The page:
Wanngård was presented as Jämtin’s replacement on Monday and in an article with daily Dagens Nyheter (DN) on Tuesday she made the statement that has since had a whole profession up in arms in Sweden.
“Young people should not be forced into ‘crap professions’ like being a salesperson working on commission,” Wanngård told DN.
The reactions were quick to follow.
“I was horrified, especially when this comes from the Social Democrats who are supposed to be a workers’ party. In society there is need for all types of work, and who am I to decide what is a ‘crap job’ and what isn’t,” Ewa Samuelsson of the Christian Democrats in the city council told daily Expressen.
“All jobs have to be carried out, and all of us started somewhere”, she continued.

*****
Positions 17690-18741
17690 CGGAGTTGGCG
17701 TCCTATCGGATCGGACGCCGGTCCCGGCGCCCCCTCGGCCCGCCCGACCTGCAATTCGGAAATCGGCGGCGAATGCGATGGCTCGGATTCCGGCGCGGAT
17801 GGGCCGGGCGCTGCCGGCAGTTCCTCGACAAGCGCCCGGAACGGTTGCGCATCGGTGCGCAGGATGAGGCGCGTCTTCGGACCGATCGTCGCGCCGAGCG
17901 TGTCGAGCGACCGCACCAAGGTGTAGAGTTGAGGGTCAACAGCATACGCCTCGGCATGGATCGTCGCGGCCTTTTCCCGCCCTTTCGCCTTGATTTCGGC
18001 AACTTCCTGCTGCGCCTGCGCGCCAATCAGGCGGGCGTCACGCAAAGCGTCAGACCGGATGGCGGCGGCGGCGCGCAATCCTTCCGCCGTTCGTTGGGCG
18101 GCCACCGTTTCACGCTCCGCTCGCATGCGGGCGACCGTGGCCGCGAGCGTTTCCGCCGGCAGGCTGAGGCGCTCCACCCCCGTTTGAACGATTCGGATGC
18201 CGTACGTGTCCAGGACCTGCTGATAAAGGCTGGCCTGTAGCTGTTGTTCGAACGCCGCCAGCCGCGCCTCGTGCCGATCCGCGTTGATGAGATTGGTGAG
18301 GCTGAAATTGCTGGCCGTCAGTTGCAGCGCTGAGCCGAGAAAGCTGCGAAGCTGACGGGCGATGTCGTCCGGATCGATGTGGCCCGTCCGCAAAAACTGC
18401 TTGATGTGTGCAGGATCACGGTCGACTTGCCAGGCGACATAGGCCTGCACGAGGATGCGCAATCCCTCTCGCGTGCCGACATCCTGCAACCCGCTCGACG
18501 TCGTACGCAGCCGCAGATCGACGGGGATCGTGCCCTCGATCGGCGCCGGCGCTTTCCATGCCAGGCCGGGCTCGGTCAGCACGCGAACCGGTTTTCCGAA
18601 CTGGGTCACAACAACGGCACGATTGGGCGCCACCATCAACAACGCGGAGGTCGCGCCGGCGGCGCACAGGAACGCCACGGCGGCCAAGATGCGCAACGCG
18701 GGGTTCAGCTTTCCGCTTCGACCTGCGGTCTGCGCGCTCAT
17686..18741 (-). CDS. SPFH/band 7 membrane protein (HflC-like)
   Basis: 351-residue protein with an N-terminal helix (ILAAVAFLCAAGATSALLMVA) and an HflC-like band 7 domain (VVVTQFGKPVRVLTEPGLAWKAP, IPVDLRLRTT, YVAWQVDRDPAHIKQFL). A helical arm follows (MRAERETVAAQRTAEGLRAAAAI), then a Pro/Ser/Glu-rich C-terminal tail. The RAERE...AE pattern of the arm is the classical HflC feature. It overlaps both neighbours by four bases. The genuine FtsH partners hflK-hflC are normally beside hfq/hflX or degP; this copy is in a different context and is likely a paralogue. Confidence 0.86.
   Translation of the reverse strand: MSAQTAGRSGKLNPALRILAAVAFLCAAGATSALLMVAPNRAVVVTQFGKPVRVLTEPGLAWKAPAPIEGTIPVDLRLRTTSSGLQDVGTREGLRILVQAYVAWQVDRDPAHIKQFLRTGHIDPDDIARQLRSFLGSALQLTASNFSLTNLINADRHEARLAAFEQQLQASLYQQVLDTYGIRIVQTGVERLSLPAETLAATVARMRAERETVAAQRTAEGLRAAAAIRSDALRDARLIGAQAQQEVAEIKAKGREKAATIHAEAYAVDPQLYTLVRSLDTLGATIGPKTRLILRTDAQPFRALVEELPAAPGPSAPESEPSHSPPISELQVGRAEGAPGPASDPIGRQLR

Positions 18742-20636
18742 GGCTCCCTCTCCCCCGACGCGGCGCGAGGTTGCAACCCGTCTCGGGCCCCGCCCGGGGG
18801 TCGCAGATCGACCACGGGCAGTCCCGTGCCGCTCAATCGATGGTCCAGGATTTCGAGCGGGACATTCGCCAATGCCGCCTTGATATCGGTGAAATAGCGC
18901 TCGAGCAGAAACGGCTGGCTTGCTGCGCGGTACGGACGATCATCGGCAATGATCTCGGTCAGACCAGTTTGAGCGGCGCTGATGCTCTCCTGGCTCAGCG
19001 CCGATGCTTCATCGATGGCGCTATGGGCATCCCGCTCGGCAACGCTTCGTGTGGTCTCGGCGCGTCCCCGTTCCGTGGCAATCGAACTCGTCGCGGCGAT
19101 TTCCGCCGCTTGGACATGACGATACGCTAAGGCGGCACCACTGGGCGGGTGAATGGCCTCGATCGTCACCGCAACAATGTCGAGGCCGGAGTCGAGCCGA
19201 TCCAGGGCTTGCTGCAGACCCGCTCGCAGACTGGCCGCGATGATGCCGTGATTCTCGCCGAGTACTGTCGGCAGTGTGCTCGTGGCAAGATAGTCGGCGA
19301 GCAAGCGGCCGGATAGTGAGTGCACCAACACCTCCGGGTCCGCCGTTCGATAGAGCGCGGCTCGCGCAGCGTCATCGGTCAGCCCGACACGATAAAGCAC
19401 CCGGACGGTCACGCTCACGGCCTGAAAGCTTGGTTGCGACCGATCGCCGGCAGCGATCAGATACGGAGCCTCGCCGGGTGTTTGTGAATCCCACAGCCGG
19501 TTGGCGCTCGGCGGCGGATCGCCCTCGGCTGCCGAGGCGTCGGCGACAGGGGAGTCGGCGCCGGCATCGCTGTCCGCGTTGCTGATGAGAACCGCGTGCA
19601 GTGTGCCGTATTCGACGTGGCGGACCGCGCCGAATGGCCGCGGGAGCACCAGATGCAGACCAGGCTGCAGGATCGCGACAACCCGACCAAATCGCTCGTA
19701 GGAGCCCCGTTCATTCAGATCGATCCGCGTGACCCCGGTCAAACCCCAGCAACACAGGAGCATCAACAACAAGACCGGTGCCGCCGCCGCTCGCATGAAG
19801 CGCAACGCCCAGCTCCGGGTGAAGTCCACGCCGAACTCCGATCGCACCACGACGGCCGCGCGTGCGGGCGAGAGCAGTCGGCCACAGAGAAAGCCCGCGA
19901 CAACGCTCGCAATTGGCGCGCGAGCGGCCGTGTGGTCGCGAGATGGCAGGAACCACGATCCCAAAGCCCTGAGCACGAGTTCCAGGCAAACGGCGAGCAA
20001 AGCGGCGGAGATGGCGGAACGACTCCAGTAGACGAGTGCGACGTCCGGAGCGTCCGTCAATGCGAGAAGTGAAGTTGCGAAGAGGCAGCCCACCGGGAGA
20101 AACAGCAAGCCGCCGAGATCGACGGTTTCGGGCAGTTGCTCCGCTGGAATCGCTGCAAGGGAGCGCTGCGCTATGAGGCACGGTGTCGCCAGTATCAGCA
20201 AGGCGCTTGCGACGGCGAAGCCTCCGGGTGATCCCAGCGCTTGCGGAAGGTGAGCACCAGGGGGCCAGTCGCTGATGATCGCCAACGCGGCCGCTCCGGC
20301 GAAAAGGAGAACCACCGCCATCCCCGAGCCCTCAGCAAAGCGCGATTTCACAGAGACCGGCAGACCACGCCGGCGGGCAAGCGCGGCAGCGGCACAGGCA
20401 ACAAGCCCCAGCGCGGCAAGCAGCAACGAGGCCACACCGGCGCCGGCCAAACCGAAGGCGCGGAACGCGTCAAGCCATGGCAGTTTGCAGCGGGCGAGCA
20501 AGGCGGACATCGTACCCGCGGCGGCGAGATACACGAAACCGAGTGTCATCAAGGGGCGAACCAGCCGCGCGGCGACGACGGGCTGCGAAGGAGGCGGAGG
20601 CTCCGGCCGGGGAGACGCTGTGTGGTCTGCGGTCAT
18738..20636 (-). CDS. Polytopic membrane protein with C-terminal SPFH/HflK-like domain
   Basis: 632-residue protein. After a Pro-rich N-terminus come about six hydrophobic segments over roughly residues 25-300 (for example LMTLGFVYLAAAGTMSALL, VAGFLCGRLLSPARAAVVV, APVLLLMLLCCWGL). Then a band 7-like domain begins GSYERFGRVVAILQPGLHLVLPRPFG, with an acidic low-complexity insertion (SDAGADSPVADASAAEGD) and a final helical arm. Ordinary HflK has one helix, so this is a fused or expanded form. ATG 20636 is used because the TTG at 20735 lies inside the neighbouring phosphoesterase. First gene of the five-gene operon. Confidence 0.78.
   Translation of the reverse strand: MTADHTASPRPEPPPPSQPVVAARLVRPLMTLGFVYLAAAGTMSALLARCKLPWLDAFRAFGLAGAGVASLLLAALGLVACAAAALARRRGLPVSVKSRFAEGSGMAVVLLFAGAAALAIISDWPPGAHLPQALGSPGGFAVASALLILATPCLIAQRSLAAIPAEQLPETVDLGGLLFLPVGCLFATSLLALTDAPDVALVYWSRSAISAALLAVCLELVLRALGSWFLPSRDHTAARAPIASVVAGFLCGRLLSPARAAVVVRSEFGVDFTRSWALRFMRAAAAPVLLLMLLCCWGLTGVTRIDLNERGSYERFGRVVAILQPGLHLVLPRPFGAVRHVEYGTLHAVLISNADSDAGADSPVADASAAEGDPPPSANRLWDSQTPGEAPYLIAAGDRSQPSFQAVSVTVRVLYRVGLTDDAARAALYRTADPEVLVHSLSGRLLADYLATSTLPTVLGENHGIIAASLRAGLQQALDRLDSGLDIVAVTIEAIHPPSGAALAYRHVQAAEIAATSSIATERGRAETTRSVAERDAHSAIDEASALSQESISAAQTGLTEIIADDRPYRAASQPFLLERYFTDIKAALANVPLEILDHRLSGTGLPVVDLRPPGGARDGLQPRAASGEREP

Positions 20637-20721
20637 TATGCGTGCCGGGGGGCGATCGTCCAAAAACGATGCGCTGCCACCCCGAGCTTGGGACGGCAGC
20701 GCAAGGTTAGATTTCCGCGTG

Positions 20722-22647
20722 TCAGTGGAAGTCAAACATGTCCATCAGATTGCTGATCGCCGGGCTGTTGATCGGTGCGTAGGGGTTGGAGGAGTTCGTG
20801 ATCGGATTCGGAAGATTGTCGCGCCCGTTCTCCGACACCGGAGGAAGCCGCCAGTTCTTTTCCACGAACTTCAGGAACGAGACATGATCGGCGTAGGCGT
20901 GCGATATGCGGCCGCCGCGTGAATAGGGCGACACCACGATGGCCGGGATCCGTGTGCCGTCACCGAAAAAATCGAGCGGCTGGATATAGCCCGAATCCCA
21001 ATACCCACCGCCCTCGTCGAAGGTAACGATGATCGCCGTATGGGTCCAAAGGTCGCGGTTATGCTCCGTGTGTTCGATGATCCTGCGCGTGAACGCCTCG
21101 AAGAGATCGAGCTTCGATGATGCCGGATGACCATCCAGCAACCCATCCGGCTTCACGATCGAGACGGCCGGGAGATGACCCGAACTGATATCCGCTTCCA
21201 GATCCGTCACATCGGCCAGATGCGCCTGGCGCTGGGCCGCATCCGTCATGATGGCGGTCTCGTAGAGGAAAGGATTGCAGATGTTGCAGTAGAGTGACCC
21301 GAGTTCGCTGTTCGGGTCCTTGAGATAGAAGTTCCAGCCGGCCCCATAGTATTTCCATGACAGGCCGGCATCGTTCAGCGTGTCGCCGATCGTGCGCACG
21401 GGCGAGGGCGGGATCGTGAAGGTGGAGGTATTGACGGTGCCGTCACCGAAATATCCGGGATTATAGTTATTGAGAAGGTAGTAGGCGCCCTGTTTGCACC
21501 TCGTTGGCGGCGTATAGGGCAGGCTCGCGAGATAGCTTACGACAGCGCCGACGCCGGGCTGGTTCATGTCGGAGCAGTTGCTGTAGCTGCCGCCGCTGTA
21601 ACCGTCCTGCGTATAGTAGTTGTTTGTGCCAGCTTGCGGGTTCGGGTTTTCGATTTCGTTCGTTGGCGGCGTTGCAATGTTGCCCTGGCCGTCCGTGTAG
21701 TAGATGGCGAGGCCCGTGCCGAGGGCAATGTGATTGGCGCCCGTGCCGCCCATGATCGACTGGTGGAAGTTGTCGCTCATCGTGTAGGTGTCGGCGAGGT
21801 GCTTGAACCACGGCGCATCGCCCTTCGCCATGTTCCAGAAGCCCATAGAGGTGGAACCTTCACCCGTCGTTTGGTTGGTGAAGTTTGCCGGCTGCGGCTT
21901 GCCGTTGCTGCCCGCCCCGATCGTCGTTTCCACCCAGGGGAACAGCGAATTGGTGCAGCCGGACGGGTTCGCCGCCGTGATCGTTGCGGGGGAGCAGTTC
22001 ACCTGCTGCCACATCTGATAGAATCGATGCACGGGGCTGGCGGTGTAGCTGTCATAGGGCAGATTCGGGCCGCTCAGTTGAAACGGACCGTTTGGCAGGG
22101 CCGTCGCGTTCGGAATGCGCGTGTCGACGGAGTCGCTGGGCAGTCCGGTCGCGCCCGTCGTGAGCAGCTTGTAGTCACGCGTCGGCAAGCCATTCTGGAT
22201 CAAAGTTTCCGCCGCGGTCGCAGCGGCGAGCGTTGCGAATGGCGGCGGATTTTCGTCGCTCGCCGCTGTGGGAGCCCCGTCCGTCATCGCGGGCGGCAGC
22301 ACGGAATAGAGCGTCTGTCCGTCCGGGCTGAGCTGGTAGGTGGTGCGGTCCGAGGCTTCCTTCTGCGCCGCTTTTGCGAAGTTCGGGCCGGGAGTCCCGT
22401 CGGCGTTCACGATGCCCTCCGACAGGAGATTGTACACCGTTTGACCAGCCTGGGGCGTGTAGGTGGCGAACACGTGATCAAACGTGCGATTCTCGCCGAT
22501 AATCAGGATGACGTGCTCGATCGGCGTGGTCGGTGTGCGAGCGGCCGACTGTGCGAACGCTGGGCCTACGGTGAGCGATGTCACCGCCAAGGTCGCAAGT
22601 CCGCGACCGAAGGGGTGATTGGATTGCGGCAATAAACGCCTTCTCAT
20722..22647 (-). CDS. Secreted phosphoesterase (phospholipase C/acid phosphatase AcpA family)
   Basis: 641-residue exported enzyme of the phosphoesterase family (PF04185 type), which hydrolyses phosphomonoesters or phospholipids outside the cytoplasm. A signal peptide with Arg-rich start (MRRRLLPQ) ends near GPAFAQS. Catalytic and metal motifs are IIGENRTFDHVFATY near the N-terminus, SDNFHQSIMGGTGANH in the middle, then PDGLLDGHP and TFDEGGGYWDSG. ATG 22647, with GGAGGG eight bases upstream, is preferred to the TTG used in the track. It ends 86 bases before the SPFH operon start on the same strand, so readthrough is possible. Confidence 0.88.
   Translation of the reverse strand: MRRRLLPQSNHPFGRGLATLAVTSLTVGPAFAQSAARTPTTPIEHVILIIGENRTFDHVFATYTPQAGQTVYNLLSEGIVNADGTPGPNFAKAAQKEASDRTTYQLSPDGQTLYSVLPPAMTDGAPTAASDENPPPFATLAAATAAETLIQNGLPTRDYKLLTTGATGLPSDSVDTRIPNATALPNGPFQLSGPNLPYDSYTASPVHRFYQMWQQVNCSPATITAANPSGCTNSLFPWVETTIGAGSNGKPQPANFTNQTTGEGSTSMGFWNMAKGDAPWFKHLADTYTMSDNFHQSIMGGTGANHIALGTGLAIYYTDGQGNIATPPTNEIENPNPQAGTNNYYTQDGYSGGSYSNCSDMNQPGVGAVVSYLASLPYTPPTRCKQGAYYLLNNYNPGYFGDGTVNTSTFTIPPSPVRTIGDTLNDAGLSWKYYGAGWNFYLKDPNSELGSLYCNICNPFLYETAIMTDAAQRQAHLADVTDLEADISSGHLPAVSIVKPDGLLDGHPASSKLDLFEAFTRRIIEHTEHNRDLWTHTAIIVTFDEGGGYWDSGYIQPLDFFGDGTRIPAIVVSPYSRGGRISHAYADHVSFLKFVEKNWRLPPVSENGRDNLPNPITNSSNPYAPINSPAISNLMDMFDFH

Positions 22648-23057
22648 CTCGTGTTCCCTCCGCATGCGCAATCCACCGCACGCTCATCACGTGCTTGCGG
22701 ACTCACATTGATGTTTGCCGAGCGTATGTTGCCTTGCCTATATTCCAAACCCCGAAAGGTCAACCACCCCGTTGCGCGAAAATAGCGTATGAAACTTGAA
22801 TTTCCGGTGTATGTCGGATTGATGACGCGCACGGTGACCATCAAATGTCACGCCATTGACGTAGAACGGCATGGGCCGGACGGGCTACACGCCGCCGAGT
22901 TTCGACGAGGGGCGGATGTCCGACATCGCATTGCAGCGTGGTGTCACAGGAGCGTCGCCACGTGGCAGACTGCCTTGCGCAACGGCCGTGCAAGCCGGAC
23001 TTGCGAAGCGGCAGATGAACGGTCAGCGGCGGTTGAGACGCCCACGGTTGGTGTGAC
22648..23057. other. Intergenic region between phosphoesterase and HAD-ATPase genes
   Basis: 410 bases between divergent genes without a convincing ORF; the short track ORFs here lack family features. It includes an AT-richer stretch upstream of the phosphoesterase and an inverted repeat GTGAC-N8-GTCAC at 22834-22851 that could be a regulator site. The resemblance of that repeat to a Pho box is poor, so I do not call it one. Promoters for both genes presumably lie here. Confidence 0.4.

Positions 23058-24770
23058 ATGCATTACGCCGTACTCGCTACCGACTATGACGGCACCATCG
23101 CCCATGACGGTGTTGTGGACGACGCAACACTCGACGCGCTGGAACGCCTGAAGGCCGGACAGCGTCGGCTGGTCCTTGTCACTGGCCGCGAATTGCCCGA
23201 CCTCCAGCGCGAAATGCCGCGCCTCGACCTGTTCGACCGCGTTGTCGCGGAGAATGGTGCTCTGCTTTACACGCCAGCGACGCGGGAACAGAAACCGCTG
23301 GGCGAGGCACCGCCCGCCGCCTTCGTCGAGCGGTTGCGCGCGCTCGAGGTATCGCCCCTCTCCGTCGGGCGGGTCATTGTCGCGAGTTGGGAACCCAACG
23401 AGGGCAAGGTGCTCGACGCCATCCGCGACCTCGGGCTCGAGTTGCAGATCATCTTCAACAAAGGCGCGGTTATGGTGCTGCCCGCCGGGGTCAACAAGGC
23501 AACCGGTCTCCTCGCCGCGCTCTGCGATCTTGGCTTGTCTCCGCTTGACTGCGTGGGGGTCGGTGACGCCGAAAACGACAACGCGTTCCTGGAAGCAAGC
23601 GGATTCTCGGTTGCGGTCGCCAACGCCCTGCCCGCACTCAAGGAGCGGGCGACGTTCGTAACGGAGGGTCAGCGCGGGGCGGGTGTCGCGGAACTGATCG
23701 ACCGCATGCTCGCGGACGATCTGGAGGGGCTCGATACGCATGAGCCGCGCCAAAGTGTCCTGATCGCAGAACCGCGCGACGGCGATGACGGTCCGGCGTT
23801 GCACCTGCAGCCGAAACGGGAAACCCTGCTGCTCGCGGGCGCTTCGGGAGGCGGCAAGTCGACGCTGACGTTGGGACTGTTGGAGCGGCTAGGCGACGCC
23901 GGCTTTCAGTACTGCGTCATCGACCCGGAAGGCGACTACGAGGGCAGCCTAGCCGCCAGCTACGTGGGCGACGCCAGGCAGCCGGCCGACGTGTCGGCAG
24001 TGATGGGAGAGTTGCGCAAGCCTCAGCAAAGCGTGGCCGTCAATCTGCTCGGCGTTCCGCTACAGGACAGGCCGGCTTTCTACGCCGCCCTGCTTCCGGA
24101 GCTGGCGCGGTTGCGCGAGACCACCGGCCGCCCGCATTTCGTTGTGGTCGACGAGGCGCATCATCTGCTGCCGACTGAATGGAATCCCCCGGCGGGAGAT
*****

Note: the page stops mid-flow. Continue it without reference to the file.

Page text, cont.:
“I don’t know if Karin Wanngård has ever worked in telephone sales. I don’t know if she thinks there are more ‘crap jobs’ on the Swedish labour market or who should do them. But what is clear is that not everyone can be the head of multinational giant Hewlett Packard, as she was,” the political writer Peter Wolodarski wrote in DN.
According to news agency TT, in the wake of reactions Wanngård felt that her statement has been taken out of its context and blown out of proportion.
But she still wanted to apologise for offending people.
“Let me be very clear. There are in reality no ‘crap jobs’. There are no unimportant tasks, no crap tasks. However, there are jobs with crap conditions,” she said on news site Newsmill in reply to the debate that has arisen around her statement.
Sales people have a very important role to play in any company and deserve respect for the function they perform, she added in the article.
“Let me finally once and for all apologize to all the sales people for what they interpreted as a derogatory comment about their profession,” she wrote.